It was May. Marc Van Ranst, an entomologist well-known throughout Belgium for his knowledge of the Covid-19 virus, was at home for his first day off in months, completely unaware about the possibility that his existence was in peril and that he’d be forced to leave the country.

Jurgen Conings was a soldier who was a member of right-wing extremist groups who had declared his intent to attack Van Ranst, was in the car next to him filled with rocket launchers.

Van Ranst didn’t find out the danger he faced until the following day.

Van Ranst told AFP that “they called me around midday and half an hour later they appeared with heavily armored automobiles.”

“They took my son from school, my wife from the hospital, and myself… to a safe home,” declares the Narrator. In the span of one month there were several safe houses.” After the pandemic first began, Van Ranst has given hundreds of interviews about Covid-19 and has an archive of more than 150 threats related to his expertise in pandemics.

“Some are minor,” the man said, “some compare you to Hitler or Mengele.” “Then there are the death threats.” According to a survey published in the journal of science Nature He is one of the dozens of specialists who’ve been hounded by the epidemic.

After speaking about Covid-19 with public media outlets, 81% percent the 321 experts who responded to the journal claimed that they’d received “trolling or personal insults.”

15 percent of respondents said they’d received death threats, while more than half reported that their authenticity was questioned.

Nature said in its report about the study that they reached out to scientists from the United States, the United Kingdom, Brazil, Canada, Taiwan, New Zealand as well as Germany who had conducted interviews about the pandemic.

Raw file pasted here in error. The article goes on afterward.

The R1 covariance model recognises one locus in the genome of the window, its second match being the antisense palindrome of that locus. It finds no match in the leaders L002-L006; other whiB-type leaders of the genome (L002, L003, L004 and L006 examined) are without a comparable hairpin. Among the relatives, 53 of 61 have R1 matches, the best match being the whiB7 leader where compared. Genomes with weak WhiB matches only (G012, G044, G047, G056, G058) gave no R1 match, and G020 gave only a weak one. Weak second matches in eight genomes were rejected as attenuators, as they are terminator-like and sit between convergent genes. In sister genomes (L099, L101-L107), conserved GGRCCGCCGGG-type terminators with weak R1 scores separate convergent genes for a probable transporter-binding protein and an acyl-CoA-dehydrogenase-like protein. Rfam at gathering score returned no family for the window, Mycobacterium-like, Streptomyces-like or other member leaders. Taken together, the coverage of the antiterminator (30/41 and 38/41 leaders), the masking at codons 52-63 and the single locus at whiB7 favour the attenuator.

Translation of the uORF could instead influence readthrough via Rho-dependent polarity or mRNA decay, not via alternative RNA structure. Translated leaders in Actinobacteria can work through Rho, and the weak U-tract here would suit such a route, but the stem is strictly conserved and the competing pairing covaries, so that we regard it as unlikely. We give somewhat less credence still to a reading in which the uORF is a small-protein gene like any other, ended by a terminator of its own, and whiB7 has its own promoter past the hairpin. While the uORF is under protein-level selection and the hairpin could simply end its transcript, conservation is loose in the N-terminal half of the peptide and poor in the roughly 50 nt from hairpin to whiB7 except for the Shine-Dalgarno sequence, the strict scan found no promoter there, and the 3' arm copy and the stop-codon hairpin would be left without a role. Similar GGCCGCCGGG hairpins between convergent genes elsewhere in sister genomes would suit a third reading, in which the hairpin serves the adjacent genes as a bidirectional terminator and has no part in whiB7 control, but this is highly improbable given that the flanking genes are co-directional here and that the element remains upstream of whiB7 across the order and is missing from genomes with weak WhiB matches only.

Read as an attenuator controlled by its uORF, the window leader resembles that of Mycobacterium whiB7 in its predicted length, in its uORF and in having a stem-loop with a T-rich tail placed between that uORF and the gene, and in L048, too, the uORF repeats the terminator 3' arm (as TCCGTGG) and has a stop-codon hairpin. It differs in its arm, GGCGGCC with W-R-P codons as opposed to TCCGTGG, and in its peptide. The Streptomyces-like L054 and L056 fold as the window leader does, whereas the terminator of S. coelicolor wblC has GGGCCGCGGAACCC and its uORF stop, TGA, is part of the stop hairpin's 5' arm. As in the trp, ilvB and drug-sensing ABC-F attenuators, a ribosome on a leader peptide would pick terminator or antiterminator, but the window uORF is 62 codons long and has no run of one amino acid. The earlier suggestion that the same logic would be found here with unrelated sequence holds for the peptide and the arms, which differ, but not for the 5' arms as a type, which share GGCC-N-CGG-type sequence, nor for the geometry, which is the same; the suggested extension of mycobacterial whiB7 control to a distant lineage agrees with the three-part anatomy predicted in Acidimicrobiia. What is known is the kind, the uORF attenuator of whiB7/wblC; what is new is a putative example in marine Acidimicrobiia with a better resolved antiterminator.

The well-known magazine admits that the intimidation of scientists who are vocal about controversial issues such as vaccines, gun violence and climate change is not new.

But, they say that even experts who are well-known have observed an increase in the number of people who abuse due to the epidemic. Participants in the survey reported dangers from emails and internet posts as well as phone calls and many other sources.

Karine Lacombe, a French scientist, became famous during the outbreak due to her knowledge and knowledge, which she spoke about frequently on radio and television, and in newspapers.

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She stated to AFP she was aware that attacks against her started after she publicly spoke out against the controversial doctor Didier Raoult’s plan of treating Covid with hydroxychloroquine. The proposal was mostly backed from French left-wing news media.

She claims that she was in the street and ridiculed and received anonymous letters that threatened the rape of her, and also had her inbox flooded with personal messages that criticized her.

“It was completely unfamiliar territory for me.” The Washington Newsday Brief News is a daily newspaper , published by the city of Washington, D.C.